Madagascar counts votes after presidential poll
Election officials began counting votes in Madagascar after Wednesday's election for a new president in which three former heads of state were running as the Indian Ocean island sought to defuse a political crisis.
Attempts by the most recent president, Hery Rajaonarimampianina, to change the island's electoral laws backfired, sparking nearly three months of sometimes violent protests in the capital Antananarivo.
The demonstrators forced Rajaonarimampianina to accept a "consensus" government tasked with organising an election in this impoverished nation with a history of coups and unrest.
Nearly 10 million voters were eligible to cast ballots for one of 36 candidates who also included two ex-prime ministers, several pastors and a rock star.
To win, a candidate must get 50 percent of the votes cast or a second round will be held on December 19.
Provisional results are expected by November 20 which must then be confirmed by the High Constitutional Court by November 28.
"I want a president who gets me out of poverty," said Eline Faraniaina, a retired 60-year-old as she cast her ballot at a vocational college.
In one polling station, three women painstakingly showed each completed poster-sized ballot paper to observers and party activists as they began the arduous task of manually tallying the votes.
Torches for powercuts
Electoral officials were equipped with torches to be able to continue counting votes into the night in the event of power cuts which are common on the island.
Helicopters will be used to collect results from remote polling stations that are hard to reach on the country's dilapidated road network.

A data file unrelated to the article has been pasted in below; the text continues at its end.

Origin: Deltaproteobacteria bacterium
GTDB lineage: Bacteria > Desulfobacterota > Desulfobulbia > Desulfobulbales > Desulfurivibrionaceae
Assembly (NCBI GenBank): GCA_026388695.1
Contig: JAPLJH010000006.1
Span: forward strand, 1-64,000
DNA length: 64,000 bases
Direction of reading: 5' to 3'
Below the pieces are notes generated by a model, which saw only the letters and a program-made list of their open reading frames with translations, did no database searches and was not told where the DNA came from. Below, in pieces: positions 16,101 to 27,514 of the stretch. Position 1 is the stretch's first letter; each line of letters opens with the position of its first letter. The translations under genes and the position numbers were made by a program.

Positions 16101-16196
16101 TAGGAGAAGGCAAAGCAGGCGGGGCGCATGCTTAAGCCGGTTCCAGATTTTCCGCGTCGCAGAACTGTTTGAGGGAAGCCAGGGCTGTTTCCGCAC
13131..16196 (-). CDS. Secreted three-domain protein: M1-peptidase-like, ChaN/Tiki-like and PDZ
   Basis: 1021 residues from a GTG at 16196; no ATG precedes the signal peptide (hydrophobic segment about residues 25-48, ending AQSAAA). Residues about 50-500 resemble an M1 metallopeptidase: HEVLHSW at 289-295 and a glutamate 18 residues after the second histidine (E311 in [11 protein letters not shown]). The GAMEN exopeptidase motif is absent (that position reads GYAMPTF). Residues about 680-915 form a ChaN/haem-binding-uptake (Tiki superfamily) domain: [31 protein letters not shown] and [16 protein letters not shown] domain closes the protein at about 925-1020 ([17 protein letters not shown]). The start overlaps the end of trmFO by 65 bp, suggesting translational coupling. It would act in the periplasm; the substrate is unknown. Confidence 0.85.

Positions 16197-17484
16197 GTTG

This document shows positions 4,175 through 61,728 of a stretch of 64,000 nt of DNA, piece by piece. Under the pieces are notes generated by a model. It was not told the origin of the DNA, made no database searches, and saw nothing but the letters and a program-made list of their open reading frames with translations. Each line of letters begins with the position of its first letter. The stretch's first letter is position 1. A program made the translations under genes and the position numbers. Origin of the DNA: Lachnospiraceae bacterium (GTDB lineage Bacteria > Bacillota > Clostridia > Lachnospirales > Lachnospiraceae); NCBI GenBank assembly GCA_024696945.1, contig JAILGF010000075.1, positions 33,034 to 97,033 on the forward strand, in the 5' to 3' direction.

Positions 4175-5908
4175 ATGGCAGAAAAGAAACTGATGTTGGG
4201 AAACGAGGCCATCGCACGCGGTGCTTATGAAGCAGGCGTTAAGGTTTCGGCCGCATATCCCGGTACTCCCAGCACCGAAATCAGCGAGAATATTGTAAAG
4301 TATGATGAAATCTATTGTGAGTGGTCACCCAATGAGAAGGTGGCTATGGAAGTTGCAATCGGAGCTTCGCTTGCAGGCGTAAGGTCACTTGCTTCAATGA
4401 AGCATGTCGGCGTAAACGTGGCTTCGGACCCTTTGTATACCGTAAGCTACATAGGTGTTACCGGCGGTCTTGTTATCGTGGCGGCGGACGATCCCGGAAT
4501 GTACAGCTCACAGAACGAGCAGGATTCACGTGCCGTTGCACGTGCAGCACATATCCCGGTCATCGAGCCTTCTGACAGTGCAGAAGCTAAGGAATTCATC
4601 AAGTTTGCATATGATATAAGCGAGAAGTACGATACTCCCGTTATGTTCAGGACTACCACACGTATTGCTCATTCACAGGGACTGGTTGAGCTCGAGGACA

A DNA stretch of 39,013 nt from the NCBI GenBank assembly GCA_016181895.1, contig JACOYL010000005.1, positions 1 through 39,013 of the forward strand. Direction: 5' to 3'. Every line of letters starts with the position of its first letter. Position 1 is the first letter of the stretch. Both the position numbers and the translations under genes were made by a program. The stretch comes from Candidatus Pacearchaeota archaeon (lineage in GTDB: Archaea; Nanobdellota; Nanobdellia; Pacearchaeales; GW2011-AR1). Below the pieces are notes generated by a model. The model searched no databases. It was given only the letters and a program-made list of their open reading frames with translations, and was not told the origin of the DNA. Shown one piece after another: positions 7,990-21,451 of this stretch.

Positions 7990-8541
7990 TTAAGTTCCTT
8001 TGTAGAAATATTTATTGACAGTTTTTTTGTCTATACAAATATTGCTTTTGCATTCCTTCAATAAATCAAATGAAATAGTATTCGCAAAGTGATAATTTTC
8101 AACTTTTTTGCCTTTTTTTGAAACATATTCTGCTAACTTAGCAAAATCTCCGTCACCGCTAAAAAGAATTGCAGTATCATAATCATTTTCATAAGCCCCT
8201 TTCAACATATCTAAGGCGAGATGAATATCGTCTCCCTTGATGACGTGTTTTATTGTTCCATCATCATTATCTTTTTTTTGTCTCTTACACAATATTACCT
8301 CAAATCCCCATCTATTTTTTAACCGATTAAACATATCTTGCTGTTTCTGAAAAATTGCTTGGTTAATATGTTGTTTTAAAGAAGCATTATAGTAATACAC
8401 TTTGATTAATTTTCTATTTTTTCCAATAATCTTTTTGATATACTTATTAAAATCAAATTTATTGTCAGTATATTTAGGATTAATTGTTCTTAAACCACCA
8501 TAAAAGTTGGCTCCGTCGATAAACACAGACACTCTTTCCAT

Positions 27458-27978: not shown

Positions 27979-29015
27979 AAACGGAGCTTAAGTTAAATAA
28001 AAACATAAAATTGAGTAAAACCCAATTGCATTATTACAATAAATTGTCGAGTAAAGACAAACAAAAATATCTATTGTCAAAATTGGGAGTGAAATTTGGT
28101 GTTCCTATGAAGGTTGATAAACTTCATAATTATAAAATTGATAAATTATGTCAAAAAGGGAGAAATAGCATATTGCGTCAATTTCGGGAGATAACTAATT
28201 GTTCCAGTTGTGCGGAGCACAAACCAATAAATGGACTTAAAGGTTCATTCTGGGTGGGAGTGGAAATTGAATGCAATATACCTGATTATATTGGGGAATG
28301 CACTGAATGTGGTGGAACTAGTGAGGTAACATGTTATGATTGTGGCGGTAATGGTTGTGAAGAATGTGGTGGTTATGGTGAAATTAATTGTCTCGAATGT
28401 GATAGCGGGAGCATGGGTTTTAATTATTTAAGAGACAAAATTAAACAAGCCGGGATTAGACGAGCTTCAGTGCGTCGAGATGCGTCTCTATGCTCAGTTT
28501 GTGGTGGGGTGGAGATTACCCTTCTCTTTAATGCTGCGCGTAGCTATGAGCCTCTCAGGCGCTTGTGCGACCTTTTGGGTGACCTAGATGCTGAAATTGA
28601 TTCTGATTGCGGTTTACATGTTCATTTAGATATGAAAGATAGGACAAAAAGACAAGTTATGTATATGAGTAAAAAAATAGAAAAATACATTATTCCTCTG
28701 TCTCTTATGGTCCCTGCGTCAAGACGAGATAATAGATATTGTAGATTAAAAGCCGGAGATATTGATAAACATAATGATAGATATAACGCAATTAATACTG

Rajaonarimampianina is competing against two of his predecessors.
Marc Ravalomanana, a milk mogul, ruled from 2002 to 2009 and Andry Rajoelina, a former club night promoter nicknamed "the DJ", succeeded him and was in power until 2013.
The trio staged massive rallies over the weekend in the capital, each attracting tens of thousands of supporters.
The former French colony has struggled to overcome political divisions after a disputed 2001 election that sparked clashes and a 2009 military-backed coup that ousted Ravalomanana.
Apart from protests earlier this year, Rajaonarimampianina's term was mostly peaceful but anger over the past still simmers.
If re-elected, he has promised "a new phase" in Madagascar's development.
"Frankly it's difficult to live like that. There are days when I can't feed my children," said Tantely Randriandrina, a washerwoman who earns less than $1 a day.
The key battle will be between Rajaonarimampianina and the former presidents Ravalomanana and Rajoelina, according to analysts and the findings of a banned pre-vote poll seen by AFP.
"The big risk of this election is that it will return us to an era of crisis," said Sahondra Rabenarivo, an analyst at the Malagasy Observatory on Public Life.
"It's very important that the results are credible and that the third-placed candidate accepts them."
Rajaonarimampianina called it "a big day... a victory for democracy" after casting his ballot.
Ravalomanana has a tense relationship with Rajoelina, who succeeded him with the backing of the army in the 2009 uprising.
Madagascar is one of the world's poorest countries, according to World Bank data, with almost four in five people living in grinding poverty.
The main contenders -- armed with significant campaign resources -- have crisscrossed the island of 25 million by helicopter promising voters a better future.
"They should revive the country. Madagascar suffers malnutrition and is ravaged by cyclones," said retiree Lili Rahaingo, 68, as she queued to vote in the capital.
Although two people died in bloody protests in April, campaigning has been peaceful and the vote passed off without incident, the interior ministry said.
Buying votes with tiles, t-shirts
Some candidates have been accused of vote-buying, with the local head of Transparency International Ketakandriana Rafitoson saying she was "disgusted" by the offer of T-shirts, sewing machines and even floor tiles to secure votes.
Around 20 lower-profile candidates have alleged irregularities in the electoral roll and had unsuccessfully called for the poll to be delayed.
Both Ravalomanana and Rajoelina were banned from contesting the last elections in 2013.